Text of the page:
WASHINGTON — President Obama plans to sign an executive order Wednesday reaffirming longstanding restrictions on federal funding of abortion, but he won’t hold an event like the signing ceremony a day earlier.
The order is part of an 11th-hour agreement with Democratic abortion opponents in the House that brought them over to Obama’s side and pushed the health insurance overhaul over the top.
Obama has invited members of the Democrats’ anti-abortion bloc, including its leader, Rep. Bart Stupak of Michigan, to the private afternoon signing at the White House.
Stupak is under fire from his fellow abortion opponents for accepting the order as his price for supporting the health care overhaul. He released a statement Tuesday defending the order, placing it on a list of other significant orders that included Abraham Lincoln’s freeing of the slaves and Harry Truman’s 1948 order desegregating the U.S. armed forces.
“Throughout history, executive orders have been an important means of implementing public policy,” Stupak said in a statement. “The most famous executive order was the Emancipation Proclamation signed by President Lincoln in 1863.”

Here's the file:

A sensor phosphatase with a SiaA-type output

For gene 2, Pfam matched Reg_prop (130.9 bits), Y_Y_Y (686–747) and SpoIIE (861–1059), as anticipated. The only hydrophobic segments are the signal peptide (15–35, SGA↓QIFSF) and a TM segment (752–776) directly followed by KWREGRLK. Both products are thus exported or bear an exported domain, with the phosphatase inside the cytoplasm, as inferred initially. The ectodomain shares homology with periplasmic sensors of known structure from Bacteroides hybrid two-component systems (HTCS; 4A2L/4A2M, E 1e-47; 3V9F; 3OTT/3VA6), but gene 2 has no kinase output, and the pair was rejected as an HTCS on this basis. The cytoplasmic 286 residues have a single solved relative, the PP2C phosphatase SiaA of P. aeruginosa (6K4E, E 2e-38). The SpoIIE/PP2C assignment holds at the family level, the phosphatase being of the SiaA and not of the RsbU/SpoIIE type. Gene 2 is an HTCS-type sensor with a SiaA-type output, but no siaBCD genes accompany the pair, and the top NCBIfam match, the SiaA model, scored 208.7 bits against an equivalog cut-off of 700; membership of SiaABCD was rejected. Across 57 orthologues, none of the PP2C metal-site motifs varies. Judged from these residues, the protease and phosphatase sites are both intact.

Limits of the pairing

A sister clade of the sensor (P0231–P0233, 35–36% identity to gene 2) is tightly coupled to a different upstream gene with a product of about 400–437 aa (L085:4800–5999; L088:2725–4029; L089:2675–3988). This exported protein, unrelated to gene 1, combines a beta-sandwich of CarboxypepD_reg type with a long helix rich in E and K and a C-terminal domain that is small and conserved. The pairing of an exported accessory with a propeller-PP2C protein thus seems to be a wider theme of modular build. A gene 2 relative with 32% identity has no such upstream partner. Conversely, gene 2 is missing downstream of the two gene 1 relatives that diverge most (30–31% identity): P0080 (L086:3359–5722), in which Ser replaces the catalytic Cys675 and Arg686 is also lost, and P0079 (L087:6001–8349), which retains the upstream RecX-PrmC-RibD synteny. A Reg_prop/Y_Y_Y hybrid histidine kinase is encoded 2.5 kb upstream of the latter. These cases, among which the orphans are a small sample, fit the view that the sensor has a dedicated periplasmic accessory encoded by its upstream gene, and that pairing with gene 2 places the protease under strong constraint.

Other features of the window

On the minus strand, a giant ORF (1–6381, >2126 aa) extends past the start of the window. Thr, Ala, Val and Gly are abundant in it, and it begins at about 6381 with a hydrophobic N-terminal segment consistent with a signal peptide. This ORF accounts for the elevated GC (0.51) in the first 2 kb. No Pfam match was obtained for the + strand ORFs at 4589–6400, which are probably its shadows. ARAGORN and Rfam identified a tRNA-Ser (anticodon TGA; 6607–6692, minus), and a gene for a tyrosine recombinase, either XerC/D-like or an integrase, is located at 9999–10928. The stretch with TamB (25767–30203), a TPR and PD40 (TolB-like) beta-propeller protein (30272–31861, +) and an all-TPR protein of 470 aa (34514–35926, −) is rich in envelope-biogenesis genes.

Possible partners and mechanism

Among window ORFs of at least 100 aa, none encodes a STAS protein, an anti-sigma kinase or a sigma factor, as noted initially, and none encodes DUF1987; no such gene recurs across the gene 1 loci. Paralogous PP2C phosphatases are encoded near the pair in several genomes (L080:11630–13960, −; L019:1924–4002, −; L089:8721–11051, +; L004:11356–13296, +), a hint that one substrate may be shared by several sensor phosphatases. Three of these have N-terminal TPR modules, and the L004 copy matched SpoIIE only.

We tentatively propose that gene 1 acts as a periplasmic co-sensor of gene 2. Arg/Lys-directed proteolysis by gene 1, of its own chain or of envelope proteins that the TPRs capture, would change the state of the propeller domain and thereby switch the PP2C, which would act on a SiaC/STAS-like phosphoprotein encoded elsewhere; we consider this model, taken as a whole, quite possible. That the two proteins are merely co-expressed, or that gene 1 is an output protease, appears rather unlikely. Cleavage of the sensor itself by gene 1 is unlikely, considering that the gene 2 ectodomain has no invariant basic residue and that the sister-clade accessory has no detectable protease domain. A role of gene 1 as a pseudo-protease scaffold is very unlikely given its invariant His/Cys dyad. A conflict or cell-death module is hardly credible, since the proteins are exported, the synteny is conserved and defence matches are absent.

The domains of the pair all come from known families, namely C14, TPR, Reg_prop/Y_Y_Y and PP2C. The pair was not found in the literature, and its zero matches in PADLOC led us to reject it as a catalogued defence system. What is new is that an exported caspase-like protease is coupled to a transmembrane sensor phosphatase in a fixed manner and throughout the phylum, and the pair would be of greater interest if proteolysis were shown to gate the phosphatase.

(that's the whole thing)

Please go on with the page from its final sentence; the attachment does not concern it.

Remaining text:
The Stupak-negotiated executive order has drawn withering criticism from both pro-life and pro-choice groups. The former say he is allowing more openings for abortion, the latter say he’s denied abortion services to women.
Stupak says the order merely upholds the status quo that taxpayer money shouldn’t be used for abortion services.
“This executive order has the full force and effect of law and makes very clear that current law of no public funding for abortion applies to the new health care reform legislation,” Stupak said.
The White House also contends the executive order merely re-states existing law under the “Hyde amendment” that prohibits direct federal funding of abortion through Medicaid.
“He believes that the bill maintains the status quo and he thinks the executive order reiterates that strong belief,” White House Press Secretary Robert Gibbs said of Obama’s take on the underlying bill and the executive order. “What the bill does and what the executive order does is underscore that the status quo is preserved.”
It’s not clear the support of Stupak and a handful of other pro-life Democrats guaranteed the bill’s passage.
“I’m not sure that that’s altogether knowable,” Gibbs said.